The route took us down to the south and we turned east just north of Gun Cay at Triangle rocks.  This led us on to the Great Bahama Banks which are a huge expanse of shallow water anywhere from dry at low tide in places, to more commonly 4 or 5 meters deep.  It's cool to sail along seeing starfish on the bottom. The banks are like a giant sandbar thousands of square miles in area.

We anchored about 20 miles from Northwest Channel light which is where we would exit this part of the banks. It exits into the "Tongue of the Ocean"  which by contrast is as much as 7500 feet deep.  It was cool to anchor more than 25 miles from any point of land.  It was flat like a lake and the stars were spectacular. 

Wednesday, January 22nd, 2003 Great Bahamas Bank to Chub Cay

In the morning we got rolling first thing, but not before Melissa got some pictures of the Rantum Scoot anchored in the middle of no where.  We cleared into the tongue of the ocean, around Chub Cay and into Frazer's Hog Cay around 1345.  

We set the anchor in a nice long sandy strip in the middle of a lot of turtle grass.  We decided to use the Fortress anchor as we hadn't really given a good try.  It set quickly and solidly.  We got out the snorkeling gear and set out to hunt some dinner.  The snorkeling was very good and there were a lot of big fish in shallow areas.  We managed to spear 2 nice groupers that made a nice dinner!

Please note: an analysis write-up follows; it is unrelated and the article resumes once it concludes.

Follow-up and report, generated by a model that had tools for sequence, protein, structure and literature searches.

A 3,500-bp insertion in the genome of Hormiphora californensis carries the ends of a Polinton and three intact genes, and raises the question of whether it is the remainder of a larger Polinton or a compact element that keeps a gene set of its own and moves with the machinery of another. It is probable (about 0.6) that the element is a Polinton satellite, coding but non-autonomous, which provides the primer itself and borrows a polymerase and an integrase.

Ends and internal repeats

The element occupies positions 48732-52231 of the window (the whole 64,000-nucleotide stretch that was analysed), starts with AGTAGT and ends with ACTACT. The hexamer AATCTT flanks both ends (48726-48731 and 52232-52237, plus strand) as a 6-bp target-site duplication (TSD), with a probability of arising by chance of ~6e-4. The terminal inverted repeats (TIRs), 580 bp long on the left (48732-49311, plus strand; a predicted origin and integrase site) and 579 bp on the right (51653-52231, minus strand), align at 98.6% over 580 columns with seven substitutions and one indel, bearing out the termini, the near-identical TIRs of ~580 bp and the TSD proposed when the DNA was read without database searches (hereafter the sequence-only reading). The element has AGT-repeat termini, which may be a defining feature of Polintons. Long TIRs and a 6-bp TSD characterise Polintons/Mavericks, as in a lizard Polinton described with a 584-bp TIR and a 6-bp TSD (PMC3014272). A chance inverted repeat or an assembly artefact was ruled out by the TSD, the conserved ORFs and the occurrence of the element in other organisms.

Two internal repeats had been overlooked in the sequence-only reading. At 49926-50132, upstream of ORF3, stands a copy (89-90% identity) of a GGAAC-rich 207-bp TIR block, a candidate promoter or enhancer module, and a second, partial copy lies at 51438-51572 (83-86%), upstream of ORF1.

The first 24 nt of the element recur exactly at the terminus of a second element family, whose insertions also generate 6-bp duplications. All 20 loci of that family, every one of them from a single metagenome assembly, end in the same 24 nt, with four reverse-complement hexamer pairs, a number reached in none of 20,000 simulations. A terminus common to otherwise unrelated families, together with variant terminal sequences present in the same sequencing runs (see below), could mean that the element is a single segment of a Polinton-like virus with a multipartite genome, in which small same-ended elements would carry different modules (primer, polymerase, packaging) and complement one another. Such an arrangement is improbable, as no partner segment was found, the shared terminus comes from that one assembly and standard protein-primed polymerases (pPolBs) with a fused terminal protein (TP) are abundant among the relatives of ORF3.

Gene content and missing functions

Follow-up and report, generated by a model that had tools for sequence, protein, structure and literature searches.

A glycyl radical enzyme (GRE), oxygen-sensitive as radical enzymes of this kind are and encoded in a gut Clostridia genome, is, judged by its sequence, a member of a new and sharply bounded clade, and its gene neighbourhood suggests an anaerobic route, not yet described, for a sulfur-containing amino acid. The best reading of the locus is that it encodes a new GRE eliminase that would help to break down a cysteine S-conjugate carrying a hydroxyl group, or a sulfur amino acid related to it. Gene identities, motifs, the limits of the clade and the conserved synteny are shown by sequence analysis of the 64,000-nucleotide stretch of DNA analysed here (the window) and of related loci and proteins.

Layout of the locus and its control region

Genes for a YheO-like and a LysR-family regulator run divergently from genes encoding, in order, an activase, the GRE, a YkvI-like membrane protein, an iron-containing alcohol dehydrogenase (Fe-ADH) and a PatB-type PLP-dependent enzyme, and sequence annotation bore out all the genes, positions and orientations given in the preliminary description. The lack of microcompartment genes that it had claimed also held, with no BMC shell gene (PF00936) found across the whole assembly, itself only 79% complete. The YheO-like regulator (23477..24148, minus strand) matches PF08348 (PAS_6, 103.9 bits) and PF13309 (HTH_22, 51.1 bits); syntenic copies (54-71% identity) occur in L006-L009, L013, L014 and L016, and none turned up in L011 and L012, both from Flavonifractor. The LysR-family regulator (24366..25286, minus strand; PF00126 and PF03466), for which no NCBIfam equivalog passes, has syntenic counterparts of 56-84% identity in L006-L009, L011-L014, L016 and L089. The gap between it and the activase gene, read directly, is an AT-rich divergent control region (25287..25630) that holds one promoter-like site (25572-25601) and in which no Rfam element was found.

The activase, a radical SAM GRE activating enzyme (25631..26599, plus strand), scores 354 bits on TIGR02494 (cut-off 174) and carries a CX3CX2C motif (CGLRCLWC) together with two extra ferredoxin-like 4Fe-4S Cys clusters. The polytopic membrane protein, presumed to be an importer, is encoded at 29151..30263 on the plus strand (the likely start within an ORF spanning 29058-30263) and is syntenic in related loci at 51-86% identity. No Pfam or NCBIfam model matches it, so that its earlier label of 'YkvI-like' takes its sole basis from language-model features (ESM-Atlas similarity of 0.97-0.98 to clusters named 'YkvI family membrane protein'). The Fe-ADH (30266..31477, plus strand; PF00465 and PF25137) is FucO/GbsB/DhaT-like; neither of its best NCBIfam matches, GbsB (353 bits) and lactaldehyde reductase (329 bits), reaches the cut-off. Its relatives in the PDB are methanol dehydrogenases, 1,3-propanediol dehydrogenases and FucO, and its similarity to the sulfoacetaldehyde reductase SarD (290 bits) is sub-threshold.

The next few days were windy 20-30 knots, 3 days in a row!  We hunkered down playing games, watching movies, doing schoolwork and reading.  By Saturday Herb (the weather guy on HF 12359) was predicting a short weather window for Sunday.

Sunday, January 26th, 2003 Nassau, New Providence

We decide to take the opportunity to move on as the crew felt there wouldn't be enough to keep them busy for 3 weeks while Dad was at work.  That coupled with the dodgy commute from Chub cay sealed it.  We weighed anchor around 0800 in about 18-20 kts of wind.  We were expecting winds to diminish as the morning wore on. Our expectations were not met however as the winds steadily increased as we got into the deep water.  NE winds 25-30 knots pushed us along briskly at 7.5-8kts. under heavily reefed main and genoa on a reach.  The waves and swell built steadily as well reaching 6-8ft with an occasional 10 footer just to liven things up!  All in all not a bad sail and not terribly uncomfortable.  We went that way for about 2 1/2 hours and then ended up having to penetrate a small squall.  As we approached the squall the winds clocked SE and diminished to about 10-15 kts.  That was it for the sailing as our heading was about 110 -120 degrees.  We motored along in sloppy seas for the next 2 hours on into Nassau Harbor.  The islands major landmark is of course the Atlantis resort on Paradise Island visible a long way off.

We had made reservations with Marlin Marine in Nassau at the recommendation of Alfred the owner of Seacrest Marina in Bimini.  Melissa arranged for a monthly rate that was quite favorable. We called Harbor control about 2 miles out.  All harbor traffic is required to get permission prior to entering or exiting the harbor.